Humankind has come very far from the days when people believed the earth was flat. Although we know it’s impossible to sail into the horizon and fall off the face of the earth, the world is still a strange place. We may have GPS and sonar now, but the ocean still holds many mysteries. From entire ships lost at sea to a deluge of floating human feet, prepare to be astonished by these inexplicable deep sea mysteries. Maybe it is possible to vanish after all…
The Baltic Sea Anomaly
In 2011, a group of divers came across a strange object deep in the Baltic Sea. A rounded object, 42 feet high and discovered 300 feet under the surface of the Baltic, the anomaly was initially believed to be of extraterrestrial origin. The unusual shape and markings led tabloids to spin a tale of a long lost UFO. Many have pointed out an odd resemblance to Star Wars’s Millennium Falcon.
In the first series of photos the group of divers captured, they claimed to see an object 200 feet in diameter, with features resembling ramps and stairways. These photos were far too blurry to identify any elements of the mysterious object. However, when the team returned to take a new set of photos, they claimed to have been obstructed by "mysterious electrical interference" that rendered their hi-tech gadgets useless.
One theory is that anomaly is a German ballistic object that was lost during World War II. Others believe that it is merely an atypical geological formation. The Baltic Sea is a very active geologic zone, so it’s possible that this formation could be entirely natural … or it could be something a bit less explainable.
A Physicist’s Plan Gone Wrong
In 1938, before embarking on a sailboat that would take him from Palermo to Naples, Ettore Majorana withdrew all of his money. He also sent a letter to Antonio Carrelli, the director of the Naples Physics Institute:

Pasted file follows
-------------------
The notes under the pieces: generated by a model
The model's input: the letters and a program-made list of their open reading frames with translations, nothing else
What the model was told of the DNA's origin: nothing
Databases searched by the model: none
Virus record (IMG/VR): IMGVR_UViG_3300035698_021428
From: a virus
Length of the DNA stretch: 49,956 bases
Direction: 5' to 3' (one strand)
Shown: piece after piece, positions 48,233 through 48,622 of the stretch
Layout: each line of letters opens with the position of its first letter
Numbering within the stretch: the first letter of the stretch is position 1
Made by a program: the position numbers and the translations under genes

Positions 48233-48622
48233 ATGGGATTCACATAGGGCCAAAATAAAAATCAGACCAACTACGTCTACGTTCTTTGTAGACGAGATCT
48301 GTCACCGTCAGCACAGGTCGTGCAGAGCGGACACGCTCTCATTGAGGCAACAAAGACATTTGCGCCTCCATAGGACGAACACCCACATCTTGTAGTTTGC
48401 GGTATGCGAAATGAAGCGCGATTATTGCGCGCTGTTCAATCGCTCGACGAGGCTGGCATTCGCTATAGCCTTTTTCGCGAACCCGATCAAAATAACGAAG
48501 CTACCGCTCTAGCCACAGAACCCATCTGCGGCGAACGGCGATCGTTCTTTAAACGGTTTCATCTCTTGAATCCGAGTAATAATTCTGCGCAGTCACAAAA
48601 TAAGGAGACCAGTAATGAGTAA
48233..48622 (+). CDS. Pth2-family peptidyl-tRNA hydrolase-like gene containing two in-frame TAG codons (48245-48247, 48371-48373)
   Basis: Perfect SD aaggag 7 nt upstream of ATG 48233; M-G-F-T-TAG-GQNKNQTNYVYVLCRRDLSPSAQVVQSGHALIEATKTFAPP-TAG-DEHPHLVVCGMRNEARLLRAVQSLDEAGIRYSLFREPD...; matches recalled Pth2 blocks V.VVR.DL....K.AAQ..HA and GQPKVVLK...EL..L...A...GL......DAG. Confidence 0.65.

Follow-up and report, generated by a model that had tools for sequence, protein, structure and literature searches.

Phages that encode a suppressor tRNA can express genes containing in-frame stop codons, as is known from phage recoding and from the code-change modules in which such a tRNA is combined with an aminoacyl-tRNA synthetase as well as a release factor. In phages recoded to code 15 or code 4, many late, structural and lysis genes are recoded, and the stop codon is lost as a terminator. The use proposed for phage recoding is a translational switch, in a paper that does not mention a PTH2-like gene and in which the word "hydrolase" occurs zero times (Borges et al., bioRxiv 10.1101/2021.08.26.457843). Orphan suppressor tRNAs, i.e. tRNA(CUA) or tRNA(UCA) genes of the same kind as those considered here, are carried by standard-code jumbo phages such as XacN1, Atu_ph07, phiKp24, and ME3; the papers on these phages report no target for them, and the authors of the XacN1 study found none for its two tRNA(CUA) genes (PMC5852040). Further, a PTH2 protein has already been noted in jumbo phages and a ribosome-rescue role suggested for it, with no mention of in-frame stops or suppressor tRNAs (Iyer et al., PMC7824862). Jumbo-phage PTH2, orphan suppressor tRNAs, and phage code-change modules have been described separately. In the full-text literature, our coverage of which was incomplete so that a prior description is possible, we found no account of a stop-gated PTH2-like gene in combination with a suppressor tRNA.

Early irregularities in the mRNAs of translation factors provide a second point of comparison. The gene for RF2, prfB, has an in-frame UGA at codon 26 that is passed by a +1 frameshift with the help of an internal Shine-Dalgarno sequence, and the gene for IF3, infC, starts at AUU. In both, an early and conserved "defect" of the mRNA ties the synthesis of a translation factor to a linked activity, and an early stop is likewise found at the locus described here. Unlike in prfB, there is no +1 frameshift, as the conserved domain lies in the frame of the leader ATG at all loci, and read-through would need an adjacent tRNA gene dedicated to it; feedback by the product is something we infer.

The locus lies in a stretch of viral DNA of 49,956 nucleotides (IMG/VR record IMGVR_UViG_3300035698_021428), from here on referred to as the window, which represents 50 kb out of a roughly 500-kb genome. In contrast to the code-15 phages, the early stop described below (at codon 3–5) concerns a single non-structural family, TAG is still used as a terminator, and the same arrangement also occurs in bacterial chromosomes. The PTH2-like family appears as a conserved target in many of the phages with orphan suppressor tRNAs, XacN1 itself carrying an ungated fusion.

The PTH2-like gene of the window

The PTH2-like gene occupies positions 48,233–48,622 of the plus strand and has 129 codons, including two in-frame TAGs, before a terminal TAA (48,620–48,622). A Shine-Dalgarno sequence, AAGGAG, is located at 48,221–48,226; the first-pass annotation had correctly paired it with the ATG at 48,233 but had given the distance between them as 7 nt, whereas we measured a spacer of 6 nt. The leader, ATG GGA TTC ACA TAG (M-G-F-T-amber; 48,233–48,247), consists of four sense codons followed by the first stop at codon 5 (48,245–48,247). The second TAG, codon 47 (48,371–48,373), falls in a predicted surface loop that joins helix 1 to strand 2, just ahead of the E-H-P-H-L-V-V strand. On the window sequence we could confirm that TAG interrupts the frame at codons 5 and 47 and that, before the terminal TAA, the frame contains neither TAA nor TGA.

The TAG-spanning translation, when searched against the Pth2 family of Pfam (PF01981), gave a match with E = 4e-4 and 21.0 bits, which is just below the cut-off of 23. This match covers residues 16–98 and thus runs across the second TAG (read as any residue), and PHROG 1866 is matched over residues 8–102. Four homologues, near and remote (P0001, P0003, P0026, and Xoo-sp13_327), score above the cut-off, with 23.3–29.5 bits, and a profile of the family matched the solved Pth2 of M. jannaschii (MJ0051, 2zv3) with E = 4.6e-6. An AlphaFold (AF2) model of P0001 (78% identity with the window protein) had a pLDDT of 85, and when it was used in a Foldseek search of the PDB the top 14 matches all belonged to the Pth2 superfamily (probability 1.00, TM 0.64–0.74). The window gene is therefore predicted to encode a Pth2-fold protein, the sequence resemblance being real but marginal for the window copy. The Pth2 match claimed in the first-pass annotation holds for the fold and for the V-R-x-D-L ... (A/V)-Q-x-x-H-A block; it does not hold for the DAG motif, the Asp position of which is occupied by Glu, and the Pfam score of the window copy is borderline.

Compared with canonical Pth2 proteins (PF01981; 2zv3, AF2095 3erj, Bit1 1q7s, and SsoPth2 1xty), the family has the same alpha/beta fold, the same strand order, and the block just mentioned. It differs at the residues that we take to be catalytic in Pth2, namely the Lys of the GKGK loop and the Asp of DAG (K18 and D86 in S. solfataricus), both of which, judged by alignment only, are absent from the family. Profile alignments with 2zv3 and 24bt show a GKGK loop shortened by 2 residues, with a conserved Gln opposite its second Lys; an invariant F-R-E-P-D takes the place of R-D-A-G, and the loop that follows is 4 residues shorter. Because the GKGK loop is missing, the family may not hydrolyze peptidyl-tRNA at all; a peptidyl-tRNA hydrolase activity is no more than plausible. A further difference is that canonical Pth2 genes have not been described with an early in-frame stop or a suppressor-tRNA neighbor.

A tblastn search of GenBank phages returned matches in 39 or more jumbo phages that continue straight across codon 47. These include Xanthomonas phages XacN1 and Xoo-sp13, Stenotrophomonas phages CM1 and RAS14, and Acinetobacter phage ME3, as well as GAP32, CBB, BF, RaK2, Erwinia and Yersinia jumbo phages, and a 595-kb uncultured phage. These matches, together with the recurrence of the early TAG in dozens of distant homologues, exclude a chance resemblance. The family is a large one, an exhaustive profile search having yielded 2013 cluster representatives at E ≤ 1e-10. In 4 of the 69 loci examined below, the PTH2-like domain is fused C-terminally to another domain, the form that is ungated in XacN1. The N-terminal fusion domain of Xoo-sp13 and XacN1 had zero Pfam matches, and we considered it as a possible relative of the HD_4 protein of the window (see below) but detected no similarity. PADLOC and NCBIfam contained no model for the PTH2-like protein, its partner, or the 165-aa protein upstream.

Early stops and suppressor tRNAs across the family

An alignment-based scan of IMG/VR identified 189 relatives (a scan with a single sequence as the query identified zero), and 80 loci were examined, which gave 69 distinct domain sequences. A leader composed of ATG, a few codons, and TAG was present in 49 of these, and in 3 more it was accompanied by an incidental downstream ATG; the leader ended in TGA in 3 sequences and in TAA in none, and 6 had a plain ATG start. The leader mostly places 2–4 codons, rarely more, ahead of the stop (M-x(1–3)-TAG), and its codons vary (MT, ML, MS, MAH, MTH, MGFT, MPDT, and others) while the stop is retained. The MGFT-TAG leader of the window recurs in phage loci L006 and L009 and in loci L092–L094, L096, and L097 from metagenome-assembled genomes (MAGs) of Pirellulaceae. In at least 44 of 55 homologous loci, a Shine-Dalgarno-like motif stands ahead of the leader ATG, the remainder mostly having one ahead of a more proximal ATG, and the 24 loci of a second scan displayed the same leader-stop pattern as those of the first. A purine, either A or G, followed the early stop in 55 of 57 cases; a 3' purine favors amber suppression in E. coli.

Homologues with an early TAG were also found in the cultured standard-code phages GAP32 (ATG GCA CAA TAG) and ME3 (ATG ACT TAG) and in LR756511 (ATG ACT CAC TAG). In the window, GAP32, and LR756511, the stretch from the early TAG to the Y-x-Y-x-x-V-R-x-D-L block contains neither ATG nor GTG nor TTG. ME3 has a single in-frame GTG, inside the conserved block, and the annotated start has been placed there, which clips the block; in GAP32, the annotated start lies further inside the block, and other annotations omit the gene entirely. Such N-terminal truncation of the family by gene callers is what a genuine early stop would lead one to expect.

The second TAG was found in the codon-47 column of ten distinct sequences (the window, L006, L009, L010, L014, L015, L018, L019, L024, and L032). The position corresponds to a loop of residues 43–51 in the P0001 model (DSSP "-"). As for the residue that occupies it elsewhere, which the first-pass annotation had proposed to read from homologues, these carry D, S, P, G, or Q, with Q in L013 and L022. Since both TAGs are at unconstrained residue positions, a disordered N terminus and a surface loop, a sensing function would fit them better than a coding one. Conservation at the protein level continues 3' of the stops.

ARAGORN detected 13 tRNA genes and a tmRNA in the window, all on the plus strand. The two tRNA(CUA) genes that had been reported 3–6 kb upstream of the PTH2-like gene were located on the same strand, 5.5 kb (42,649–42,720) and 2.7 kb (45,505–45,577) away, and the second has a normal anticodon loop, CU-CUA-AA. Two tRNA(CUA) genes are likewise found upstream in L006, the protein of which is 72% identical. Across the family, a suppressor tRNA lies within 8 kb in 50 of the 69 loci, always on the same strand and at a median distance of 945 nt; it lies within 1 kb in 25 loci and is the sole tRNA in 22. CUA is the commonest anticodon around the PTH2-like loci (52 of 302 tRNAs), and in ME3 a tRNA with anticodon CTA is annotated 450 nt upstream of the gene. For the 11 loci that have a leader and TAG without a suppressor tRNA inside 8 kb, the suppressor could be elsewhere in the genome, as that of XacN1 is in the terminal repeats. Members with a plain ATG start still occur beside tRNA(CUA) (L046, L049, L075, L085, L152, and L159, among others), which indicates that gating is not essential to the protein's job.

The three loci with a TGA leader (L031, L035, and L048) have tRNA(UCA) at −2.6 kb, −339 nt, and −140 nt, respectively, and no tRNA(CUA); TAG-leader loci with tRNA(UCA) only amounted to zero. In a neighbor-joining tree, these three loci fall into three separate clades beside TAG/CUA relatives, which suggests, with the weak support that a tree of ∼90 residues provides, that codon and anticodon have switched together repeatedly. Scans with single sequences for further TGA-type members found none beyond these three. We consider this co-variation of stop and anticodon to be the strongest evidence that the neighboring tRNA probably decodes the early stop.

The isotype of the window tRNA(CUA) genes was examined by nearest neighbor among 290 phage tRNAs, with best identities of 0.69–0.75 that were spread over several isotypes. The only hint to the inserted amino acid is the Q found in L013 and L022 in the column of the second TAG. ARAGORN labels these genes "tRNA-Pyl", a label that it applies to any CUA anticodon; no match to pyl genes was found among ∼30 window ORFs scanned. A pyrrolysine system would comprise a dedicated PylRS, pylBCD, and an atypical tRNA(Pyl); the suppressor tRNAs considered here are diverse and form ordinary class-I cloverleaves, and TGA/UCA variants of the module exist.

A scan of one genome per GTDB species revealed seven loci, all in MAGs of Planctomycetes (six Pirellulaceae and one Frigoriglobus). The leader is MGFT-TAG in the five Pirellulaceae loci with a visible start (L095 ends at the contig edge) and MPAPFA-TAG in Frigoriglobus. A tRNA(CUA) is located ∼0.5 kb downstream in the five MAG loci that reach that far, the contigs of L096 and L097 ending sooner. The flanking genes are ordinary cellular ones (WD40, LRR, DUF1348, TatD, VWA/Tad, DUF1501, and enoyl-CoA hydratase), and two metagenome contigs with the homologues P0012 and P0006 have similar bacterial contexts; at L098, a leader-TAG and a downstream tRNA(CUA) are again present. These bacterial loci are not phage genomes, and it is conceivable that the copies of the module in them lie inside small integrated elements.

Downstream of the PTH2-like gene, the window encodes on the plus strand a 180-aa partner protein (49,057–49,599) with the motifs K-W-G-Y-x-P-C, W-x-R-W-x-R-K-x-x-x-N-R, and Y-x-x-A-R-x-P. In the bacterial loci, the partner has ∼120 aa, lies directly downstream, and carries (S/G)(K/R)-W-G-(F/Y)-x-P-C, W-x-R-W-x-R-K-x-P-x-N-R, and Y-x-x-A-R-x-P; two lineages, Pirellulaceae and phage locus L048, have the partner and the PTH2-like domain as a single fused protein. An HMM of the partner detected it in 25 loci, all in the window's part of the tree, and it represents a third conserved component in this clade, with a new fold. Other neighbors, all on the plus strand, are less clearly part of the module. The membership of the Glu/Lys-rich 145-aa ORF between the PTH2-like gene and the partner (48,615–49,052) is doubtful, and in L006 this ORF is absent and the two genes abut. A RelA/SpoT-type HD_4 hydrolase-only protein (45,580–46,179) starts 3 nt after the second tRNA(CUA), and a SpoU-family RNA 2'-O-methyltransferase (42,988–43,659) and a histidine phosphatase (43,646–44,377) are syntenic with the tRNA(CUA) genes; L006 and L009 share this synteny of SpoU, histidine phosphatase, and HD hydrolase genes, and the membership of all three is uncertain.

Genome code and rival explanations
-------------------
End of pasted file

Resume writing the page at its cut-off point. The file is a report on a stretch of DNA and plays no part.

“Dear Carrelli, I made a decision that has become unavoidable. There isn’t a bit of selfishness in it, but I realize what trouble my sudden disappearance will cause you and the students. For this as well, I beg your forgiveness, but especially for betraying the trust, the sincere friendship and the sympathy you gave me over the past months. I ask you to remind me to all those I learned to know and appreciate in your Institute, especially Sciuti: I will keep a fond memory of them all at least until 11 pm tonight, possibly later too. E. Majorana”
Majorana clearly had a plan, but it’s doubtful that his plan included getting lost at sea. The young physicist never arrived in Naples, and his boat and body were never found. Some believe that Majorana may have gone to disappear after becoming worried that he would be forced to help create atomic bombs. Others says his plan was to die by suicide, while others still claim that he was kidnapped. The hugely influential scientist has since had an annual prize awarded for outstanding contributions in theoretical or mathematical visits created in his name.
The Curious Case of the Severed Sea Feet
Since 2007, the Pacific Northwest has been somewhat regularly startled by severed human feet washing up on the shores. The very first, a right foot, was found on Jedediah Island in British Columbia, nestled into an Adidas shoe, size 12. The shoe was a model found mostly in india. The second, which shared the same specifications as the first, was discovered tucked into a Reebok design found around the world. Since then, 15 feet have appeared. The Canadian shores have seen 11 while the beaches of the United States have been the landing place of 4 feet. Only one of the feet, which was found in 2008, has belonged to a woman.
Who do these feet belong to? Where are they coming from? How have they become detached from their owners? Since the feet started washing up, a number of theories have been proposed.